Playing Roughly
- playing tug-a-war is a great game to play with your dog but it can also cause problems, do does not give up until you do, dog starts to growl when you try to get the toy, dog becomes aggressive over the toy. Remember you make the shots of when the toy is there's and when it is not. Tug toys should be just for that and not toy on the ground for them to chew on if the dog becomes more aggressive over that toy. (you are the one that says when the game begins and when it ends. while you are playing tug a war practice using the word "Drop it" so the dog understands when the game end. And this way it is always a GAME.

Hope this helps

Deb
 

·
Registered
Joined
·
47 Posts
what i mean by "lazy" is when a dog just sits around inside the house and doen't do much all day except wait for the owner to give him a little 15 minute walk around the block.
I've seen people "training" their dog to do this by correcting and correcting until the dog is afraid to even move about the house. I understand that you shoud teach them how to behave around the house, but if you don't provide them with their primal needs, which include a Real walk at least, how can you expect them to be happy and willing to obey what you want. It's very stressfull to them.
Kids who aren't physically and mentally challenged steal, get into gangs, beat up other kids etc.
Dogs who aren't physically and mentally challenged nip, jump ontop of you, jump over gates and run away, attack other dogs, etc.

I'm just saying to exercise them first then teach them to behave around the house. Almost every dog was created for a working purpose, so we have to give them some job. Just like humans, they gotta get out the house, and i don't mean the backyard. They have legs and muscles along with their brain for a reason.
By the way, good stuff Geisthexe. Nicely simplified
 

·
Premium Member
Joined
·
4,321 Posts
pipsqweek said:
Thats exactly what those kind-of-dogs need to have. plenty of mental and physical stimulation.
I don't like when people try to force a dog to be lazy by "training" them.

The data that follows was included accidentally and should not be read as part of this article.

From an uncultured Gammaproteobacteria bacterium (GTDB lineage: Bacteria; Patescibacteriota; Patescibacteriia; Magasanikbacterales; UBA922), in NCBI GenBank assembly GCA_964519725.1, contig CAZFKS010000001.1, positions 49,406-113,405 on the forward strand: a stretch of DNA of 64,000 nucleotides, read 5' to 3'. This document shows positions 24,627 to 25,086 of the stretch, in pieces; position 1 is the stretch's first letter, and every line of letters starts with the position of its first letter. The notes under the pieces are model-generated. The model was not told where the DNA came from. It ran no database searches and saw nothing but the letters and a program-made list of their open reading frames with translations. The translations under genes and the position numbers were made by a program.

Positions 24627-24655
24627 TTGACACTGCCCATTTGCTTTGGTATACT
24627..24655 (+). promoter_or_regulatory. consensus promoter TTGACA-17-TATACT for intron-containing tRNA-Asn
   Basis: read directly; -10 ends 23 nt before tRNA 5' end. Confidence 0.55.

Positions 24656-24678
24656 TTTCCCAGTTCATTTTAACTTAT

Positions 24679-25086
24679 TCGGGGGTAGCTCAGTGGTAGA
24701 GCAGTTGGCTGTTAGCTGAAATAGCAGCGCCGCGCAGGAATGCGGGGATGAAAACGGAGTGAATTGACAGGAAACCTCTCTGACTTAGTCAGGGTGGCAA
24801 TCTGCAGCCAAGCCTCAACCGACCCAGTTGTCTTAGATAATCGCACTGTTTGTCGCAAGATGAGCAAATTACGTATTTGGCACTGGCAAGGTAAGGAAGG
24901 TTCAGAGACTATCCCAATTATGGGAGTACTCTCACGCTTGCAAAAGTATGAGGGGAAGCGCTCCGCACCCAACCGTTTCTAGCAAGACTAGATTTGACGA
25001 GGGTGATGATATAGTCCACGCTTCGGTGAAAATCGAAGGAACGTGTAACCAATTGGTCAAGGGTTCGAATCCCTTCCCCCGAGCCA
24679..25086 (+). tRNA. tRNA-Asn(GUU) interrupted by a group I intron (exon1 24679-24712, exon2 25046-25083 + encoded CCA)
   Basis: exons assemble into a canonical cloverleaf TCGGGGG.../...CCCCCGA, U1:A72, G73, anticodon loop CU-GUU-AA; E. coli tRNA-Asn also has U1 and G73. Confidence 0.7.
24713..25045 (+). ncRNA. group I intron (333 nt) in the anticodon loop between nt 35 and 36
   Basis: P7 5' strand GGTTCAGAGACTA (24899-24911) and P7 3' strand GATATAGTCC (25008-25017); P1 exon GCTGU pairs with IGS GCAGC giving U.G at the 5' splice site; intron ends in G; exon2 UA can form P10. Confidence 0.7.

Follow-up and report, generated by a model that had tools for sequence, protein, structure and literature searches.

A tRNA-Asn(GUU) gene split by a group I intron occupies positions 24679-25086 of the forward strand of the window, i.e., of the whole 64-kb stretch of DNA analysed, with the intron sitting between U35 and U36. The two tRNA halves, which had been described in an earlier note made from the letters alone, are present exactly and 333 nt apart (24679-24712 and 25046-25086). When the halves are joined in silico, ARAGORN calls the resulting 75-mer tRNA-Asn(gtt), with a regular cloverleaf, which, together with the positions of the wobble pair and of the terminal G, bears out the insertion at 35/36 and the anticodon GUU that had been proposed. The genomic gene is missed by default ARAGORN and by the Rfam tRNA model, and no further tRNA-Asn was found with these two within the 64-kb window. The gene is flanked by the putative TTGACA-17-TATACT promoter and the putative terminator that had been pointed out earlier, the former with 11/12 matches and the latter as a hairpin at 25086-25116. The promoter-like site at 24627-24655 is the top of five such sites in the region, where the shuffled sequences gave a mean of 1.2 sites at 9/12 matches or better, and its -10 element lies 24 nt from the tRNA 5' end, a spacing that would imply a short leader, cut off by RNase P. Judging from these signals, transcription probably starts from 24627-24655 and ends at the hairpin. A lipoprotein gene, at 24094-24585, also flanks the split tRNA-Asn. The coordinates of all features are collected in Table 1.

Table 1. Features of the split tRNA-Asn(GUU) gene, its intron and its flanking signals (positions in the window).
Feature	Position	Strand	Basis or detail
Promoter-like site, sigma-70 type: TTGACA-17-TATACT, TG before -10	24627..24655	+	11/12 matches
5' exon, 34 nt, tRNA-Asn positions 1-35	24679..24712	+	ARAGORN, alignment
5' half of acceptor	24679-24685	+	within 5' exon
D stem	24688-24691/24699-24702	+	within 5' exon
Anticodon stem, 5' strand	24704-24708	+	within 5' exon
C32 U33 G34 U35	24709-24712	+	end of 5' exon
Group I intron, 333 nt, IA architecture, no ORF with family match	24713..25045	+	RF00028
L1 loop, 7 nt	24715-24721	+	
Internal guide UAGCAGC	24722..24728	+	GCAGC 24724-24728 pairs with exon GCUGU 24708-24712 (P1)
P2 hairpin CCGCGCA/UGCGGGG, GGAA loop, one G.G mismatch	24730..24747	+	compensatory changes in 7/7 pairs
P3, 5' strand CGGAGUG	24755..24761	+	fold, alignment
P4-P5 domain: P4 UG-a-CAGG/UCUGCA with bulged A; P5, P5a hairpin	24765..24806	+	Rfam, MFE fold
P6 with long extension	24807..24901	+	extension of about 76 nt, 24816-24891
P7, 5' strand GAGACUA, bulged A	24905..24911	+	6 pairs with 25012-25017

It's nice to teach them that we want them to behave and relax, but we have to satisfy their needs 1st.
Absolutely. A happy, well exercised, tired pup is a better behaved member of the household
 

·
Registered
Joined
·
123 Posts
geisthexe said:
When a puppy learns about his/her mouth and what it can do, they start to explore it. He/She learned how to rough house with its litter mates. So now you ruff house with him. They do not understand how aggressive it is getting until you let the pup know.

Play Biting
- if the pup chomps down on your finger, hand, wrist or ankle immediately cry out OUCH but make it sound like you have just lost that body part. DO NOT RAISE YOUR VOICE IN ANGER, STRIKE THE PUP, OR POINT YOUR HURT LIMB AT THEM AND DO NOT PULL IT AWAY FROM THE PUPS MOUTH. Just yell a yelp as another pup or mom would. This should suprise the pup enough to have them stop. Soon as the pup releases, you need to change your tone and warmly praise the dog for letting go. Have a toy near by and give them the toy to redirect the situation.

Playing Roughly
- playing tug-a-war is a great game to play with your dog but it can also cause problems, do does not give up until you do, dog starts to growl when you try to get the toy, dog becomes aggressive over the toy. Remember you make the shots of when the toy is there's and when it is not. Tug toys should be just for that and not toy on the ground for them to chew on if the dog becomes more aggressive over that toy. (you are the one that says when the game begins and when it ends. while you are playing tug a war practice using the word "Drop it" so the dog understands when the game end. And this way it is always a GAME.

Hope this helps

Deb
I completely agree, that's exactly what I do. My Dogs' tug toys stay out of reach and out of their vicinity until I engage in the game of tug. And absolutely, a tired puppy is a more manageable pup.
 
1 - 20 of 20 Posts
Top